Ralph Waldo Emerson said, “In order to learn the important lessons in life, one must each day surmount a fear.” Each day, each of us does face fears – things that make us anxious or uncomfortable. These fears are different for each of us. For me, speaking in front of a large group of people drums up some anxiety. Driving into DC does the same.
At our all-school meeting on Tuesday, I read a book called Some Things are Scary (No Matter How Old You Are) by Florence Parry Heide. She lists a variety of things that might be scary for some, like “Stepping on something squishy when you’re in your bare feet”, “Being on a swing when someone is pushing you too high,” or “Looking in the mirror while you’re having a haircut and they’re cutting it too short.” Personally, all three of those are scary to me! As I read and looked around the young audience, some children nodded in agreement while others smiled in confusion (the thought that’s not scary! written all over their expressions).
My son was a particularly risk-averse child. He never liked the swings at the playground and heights frightened him. To be fair, haircuts frightened him, too. Raising him (not that we are near finished with that – he’s only 12!) was a constant balance of figuring out when to back off, and when to push him. We never wanted to give him too much control, nor did we want to traumatize him by pushing him too far, too quickly. Parenting is not easy, but we are responsible for preparing our children for their futures…and that can be an overwhelming task.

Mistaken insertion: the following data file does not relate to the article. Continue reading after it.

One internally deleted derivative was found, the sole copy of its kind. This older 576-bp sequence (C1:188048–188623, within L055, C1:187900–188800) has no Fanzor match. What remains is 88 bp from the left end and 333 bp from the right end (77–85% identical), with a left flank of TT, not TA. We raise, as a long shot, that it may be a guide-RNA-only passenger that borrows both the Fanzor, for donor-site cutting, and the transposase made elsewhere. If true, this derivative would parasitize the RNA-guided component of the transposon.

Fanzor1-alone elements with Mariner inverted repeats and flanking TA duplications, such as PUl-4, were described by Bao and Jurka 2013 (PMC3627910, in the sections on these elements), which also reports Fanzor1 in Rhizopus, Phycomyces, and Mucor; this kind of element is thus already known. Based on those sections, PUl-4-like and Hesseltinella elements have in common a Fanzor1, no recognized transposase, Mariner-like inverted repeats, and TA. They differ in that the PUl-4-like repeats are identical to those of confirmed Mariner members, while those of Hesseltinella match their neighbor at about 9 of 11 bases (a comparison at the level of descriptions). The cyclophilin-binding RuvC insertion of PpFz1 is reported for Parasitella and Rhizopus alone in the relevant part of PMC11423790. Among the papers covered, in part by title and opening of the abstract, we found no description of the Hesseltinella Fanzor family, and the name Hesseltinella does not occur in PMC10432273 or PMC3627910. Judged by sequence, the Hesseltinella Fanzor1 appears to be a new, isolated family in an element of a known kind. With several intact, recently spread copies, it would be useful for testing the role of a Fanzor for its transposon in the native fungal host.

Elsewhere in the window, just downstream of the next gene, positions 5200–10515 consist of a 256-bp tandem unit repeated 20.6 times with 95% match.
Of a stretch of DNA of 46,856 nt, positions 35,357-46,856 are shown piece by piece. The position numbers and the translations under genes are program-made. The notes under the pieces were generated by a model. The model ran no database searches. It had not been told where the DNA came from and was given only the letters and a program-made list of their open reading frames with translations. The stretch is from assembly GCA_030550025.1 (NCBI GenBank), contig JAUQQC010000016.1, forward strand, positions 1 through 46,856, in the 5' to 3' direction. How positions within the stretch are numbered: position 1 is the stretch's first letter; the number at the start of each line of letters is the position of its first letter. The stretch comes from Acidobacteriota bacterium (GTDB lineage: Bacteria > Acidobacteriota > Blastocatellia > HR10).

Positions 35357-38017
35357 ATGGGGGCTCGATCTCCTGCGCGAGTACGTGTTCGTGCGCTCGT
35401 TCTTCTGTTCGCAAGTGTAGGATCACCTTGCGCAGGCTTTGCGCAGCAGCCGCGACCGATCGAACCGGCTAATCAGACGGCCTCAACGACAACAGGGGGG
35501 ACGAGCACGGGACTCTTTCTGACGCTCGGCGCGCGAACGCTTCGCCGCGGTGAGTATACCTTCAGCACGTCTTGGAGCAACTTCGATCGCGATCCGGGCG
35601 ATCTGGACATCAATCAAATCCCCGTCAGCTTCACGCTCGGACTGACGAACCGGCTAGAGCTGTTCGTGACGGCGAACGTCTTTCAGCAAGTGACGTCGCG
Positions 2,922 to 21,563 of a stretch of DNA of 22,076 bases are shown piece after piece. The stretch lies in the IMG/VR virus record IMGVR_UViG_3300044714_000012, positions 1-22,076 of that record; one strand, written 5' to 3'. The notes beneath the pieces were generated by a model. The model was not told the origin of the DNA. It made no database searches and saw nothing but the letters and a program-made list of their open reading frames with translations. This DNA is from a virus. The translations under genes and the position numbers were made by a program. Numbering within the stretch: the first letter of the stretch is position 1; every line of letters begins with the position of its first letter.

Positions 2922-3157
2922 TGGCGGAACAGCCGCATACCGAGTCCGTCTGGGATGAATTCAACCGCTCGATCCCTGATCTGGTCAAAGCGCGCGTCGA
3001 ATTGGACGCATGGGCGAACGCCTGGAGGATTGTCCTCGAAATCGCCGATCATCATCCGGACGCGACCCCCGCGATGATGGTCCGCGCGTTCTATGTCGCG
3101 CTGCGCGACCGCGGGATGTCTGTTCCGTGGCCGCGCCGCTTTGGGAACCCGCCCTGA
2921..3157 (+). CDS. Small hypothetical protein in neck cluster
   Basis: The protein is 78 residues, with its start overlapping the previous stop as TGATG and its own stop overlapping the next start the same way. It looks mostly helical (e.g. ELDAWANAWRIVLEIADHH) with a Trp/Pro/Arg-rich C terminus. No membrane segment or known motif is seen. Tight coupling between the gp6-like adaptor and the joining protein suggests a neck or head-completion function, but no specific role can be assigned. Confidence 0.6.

Just as teachers spend their days scaffolding the learning and development of children, parents must do the same. Scaffolding, as the term suggests, is the provision of temporary support while children reach the next level of comprehension or skill acquisition. There is no discrete formula for this, as each child is different in each situation.
Little by little, as parents and teachers, we guide our children forward. We help them traverse a myriad of ever-changing systems, putting one foot in front of the other, even when something feels a little “scary”. The lesson we teach? That they can do it!